Two CD collection spanning the years 1982-2003. Following his early work with Soft Machine and Gong, this innovative and highly influential guitar stylist (whose tapping and tone crossed over to players from rock to prog to metal to jazz) started a long solo career. This retrospective contains an unreleased Jack Bruce vocal version of "Road Games" plus "Eidolon," "City Nights," "Sphere of Innocence," "Funnels," "Mental Fatigue," "Tokyo Dream," "Against the Clock" and more key cuts from his albums, all hand-picked by Allan himself!
This debut solo release by Allan Holdsworth has an "in the raw," coarsely presented, jam-session quality complete with warts and all, as well as real gems of jazz fusion shining through. This is the 1990 CD that was digitally remastered from the original analog tapes (AAD/ADD). Tracks 9-13 did not appear on the 1976 CTI vinyl release.
Criminally unknown and underappreciated, Allan Holdsworth is one of the greatest musicians ever to pick up the electric guitar. Here, on 1985's Metal Fatigue, everything finally comes together for him. For the majority of this record, Holdsworth is joined by bassist Jimmy Johnson and drummer Chad Wackerman, and these two musicians, virtuosos in their own right, complement Holdsworth beautifully (check out Johnson's wonderful part in "Home" and lovely solo on "Panic Station"). The leader is known for his extremely legato phrasing and rich harmonic vocabulary, both of which are on display in the solo and frantic fills of "Metal Fatigue."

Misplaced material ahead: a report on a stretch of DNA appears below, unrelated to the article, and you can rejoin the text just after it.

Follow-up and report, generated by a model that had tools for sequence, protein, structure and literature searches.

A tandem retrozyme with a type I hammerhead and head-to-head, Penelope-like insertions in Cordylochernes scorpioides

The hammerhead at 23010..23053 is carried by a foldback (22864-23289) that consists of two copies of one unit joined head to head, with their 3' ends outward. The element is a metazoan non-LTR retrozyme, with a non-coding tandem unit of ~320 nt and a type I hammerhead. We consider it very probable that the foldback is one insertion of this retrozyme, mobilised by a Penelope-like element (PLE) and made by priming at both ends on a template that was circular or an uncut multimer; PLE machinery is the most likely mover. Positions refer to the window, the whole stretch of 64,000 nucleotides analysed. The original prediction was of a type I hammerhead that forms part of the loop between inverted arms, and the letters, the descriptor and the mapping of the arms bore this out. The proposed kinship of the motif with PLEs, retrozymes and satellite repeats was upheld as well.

This 1992 release features Holdsworth in conversation with usual compatriots Jimmy Johnson, Chad Wackerman, and Gary Husband. Keyboards are provided not only by Steve Hunt, but also by both Wackerman and Husband. Husband in particular demonstrates that his facility on the keyboards is equal to his skill on the drums. Despite the all-star cast of characters, there are certain peculiarities to Wardenclyffe Tower that prevent it from being numbered among Holdsworth's best work.
Road Games is an EP by guitarist Allan Holdsworth, released in 1983 through Warner Bros. Records originally on vinyl only; a CD edition was reissued through Gnarly Geezer Records in 2001, although to this day Holdsworth claims to have received no royalties from either release. He has also named it as one of his least favourite recordings, due to numerous creative differences with executive producer Ted Templeman. It nonetheless received a nomination for Best Rock Instrumental Performance at the 1984 Grammy Awards.